WorldCat Identities

Druger, Marvin

Overview
Works: 20 works in 47 publications in 1 language and 2,717 library holdings
Genres: Juvenile works  Poetry  Academic theses  Abstracts  Fiction  Outlines and syllabi 
Roles: Editor, Author
Classifications: Q183.3.A1, 507.11073
Publication Timeline
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Most widely held works about Marvin Druger
 
Most widely held works by Marvin Druger
Explore the world using protozoa by O. Roger Anderson( )

13 editions published between 1997 and 2000 in English and held by 1,800 WorldCat member libraries worldwide

Annotation
Teaching tips : innovations in undergraduate science instruction( Book )

4 editions published in 2004 in English and held by 253 WorldCat member libraries worldwide

Science for the fun of it : a guide to informal science education by Marvin Druger( Book )

4 editions published in 1988 in English and held by 146 WorldCat member libraries worldwide

Grade level: 1, 2, 3, 4, 5, 6, 7, 8, k, p, e, i, s
Practical perspectives on science education by Marvin Druger( )

5 editions published in 2010 in English and held by 145 WorldCat member libraries worldwide

Individualized biology by Marvin Druger( Book )

3 editions published between 1971 and 1989 in English and held by 7 WorldCat member libraries worldwide

Strange creatures and other poems by Marvin Druger( Book )

1 edition published in 2004 in English and held by 5 WorldCat member libraries worldwide

Strange Creatures and Other Poems is Druger's look at everyday experiences in a new way
Even stranger creatures & other poems by Marvin Druger( Book )

1 edition published in 2013 in English and held by 3 WorldCat member libraries worldwide

Selection and body size in Drosophila pseudoobscura at different temperatures by Marvin Druger( )

2 editions published in 1961 in English and held by 3 WorldCat member libraries worldwide

Mr. Money and the Lucky Chicken by Marvin Druger( Book )

1 edition published in 2016 in English and held by 2 WorldCat member libraries worldwide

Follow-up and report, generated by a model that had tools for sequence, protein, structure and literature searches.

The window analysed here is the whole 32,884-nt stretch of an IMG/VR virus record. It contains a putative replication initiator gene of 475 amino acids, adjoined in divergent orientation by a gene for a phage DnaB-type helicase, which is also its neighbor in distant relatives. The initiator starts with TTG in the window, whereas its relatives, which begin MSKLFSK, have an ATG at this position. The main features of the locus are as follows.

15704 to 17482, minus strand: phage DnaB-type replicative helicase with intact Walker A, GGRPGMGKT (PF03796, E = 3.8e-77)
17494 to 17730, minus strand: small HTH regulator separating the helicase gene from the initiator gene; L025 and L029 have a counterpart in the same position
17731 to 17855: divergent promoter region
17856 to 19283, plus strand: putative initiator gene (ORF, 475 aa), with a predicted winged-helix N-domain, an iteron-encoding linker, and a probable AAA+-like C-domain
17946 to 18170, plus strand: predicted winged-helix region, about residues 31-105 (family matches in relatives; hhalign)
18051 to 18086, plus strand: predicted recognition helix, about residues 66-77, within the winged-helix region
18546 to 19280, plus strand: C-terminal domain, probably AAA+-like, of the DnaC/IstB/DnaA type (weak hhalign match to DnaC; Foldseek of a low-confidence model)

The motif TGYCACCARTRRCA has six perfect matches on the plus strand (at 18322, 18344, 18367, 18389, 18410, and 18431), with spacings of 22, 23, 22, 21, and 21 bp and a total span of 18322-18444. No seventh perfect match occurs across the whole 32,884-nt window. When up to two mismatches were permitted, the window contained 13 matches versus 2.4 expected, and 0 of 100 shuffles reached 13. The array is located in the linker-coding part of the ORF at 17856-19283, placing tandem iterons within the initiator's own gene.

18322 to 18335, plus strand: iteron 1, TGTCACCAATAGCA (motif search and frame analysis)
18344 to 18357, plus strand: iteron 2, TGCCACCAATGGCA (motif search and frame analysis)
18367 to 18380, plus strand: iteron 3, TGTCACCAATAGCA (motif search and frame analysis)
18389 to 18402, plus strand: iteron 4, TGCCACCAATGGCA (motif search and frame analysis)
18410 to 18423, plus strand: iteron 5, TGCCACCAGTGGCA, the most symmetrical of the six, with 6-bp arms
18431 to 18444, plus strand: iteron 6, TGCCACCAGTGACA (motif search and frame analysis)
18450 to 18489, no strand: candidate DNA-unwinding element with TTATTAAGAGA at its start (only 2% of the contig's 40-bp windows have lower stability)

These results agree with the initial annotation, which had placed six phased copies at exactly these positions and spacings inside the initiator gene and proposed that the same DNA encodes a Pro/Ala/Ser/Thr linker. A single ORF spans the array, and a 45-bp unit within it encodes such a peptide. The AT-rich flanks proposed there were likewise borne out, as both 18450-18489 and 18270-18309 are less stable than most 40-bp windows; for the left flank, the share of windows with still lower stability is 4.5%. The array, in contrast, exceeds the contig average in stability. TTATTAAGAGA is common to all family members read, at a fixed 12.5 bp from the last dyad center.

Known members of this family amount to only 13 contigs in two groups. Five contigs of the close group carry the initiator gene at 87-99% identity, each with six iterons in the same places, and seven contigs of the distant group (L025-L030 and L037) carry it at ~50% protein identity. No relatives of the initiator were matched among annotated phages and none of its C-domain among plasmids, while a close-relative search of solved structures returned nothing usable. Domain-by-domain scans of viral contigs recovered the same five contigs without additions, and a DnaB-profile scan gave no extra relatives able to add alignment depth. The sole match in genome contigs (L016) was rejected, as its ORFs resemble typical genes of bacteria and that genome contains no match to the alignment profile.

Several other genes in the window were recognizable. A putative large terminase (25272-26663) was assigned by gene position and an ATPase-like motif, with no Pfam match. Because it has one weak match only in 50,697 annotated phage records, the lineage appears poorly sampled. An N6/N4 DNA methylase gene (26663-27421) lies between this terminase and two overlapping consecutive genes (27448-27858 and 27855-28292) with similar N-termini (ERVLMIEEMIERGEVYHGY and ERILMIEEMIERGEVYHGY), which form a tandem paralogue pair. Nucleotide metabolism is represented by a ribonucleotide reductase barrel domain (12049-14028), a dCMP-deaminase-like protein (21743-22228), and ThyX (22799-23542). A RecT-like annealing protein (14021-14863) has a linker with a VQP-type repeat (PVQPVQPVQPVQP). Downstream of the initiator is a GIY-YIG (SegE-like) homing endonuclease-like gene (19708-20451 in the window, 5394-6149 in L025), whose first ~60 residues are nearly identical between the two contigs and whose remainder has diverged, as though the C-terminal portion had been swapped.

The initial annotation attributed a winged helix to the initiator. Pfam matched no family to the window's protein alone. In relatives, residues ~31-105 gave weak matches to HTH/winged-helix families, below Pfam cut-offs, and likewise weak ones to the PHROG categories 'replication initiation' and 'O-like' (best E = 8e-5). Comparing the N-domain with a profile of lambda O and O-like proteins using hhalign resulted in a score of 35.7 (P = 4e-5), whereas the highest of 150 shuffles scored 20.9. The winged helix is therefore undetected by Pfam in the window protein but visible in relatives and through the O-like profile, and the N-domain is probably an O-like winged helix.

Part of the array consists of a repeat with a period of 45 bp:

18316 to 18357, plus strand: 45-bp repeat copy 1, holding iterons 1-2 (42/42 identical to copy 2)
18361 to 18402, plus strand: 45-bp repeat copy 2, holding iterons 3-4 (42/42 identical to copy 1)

An illustrated tale about a wealthy, greedy old man who is transformed into a philanthropist by his new wife and a lucky chicken
Introduction to biological principles laboratory exercises by Marvin Druger( Book )

1 edition published in 2006 in English and held by 2 WorldCat member libraries worldwide

Mr. Moocho and the lucky chicken by Marvin Druger( Book )

1 edition published in 2013 in English and held by 2 WorldCat member libraries worldwide

Sad, unlucky Mr. Moocho finds happiness after sharing his new found lucky chickens
Individualized biology units 1-13 and script 9 by Marvin Druger( Book )

1 edition published in 2008 in English and held by 1 WorldCat member library worldwide

Biology units 14-18 by Marvin Druger( Book )

1 edition published in 2008 in English and held by 1 WorldCat member library worldwide

Insulin injection site selection and cognitive factors associated with diabetes mellitus in children by Timothy Elwood Rickabaugh( )

1 edition published in 1997 in English and held by 0 WorldCat member libraries worldwide

The purposes of this dissertation were to: examine the effect of pre-exercise insulin injection site on post-exercise blood glucose (BG) concentration in children with insulin dependent diabetes (IDDM) (physiological component); and, to explore the knowledge and attitudes related to diabetes mellitus (DM) and exercise guidelines of selected children with IDDM, parents of IDDM children, and physical education (PE) teachers (survey component). In the physiological component, 14 normally active IDDM children (8 male, 6 female) completed 2 treadmill exercise bouts (30 minutes at 65% of V0 peak) using either an arm or leg insulin injection site prior to exercise. Although exercise prompted significant (<.05) BG reductions over time (60 minutes post-exercise), a 2-way ANOVA indicated that BG values were not significantly different between injection site trials. However, leg injection resulted in 7 cases of post-exercise hypoglycemia as compared to 2 cases of hypoglycemia with arm injection. It was concluded that similar trends in BG concentration are observed for up to 60 minutes post-exercise whether an arm or leg injection site was used, and that the greater incidence of post-exercise hypoglycemia, occurring between 60 to 120 minutes post-exercise following leg injection (as compared to arm injection), may have been due to a difference in insulin receptor mechanics in exercising muscle. In the survey component, 25 IDDM children, 28 parents, and 32 PE teachers completed the 20 item Diabetes & Exercise Knowledge and Attitude Test (DEKAT) along with a brief informational survey of their personal background and IDDM history. Responses to the DEKAT indicated that noticeable knowledge deficits of DM and exercise guidelines were present in all three groups, with overall scores on the knowledge items being 36.0% for IDDM children, 26.4% for parents, and 23.1% for PE teachers. A chi square analysis indicated that there was a significant difference between groups on overall score for the knowledge items and that IDDM children and their parents performed better on level-1 knowledge items (basic concepts) than on level-2 and level-3 items, which required the application of basic DM and exercise concepts to a daily DM management regimen. The DEKAT also uncovered several DM and exercise concepts that appeared to be: well understood; poorly understood: or, in need of resolution by future research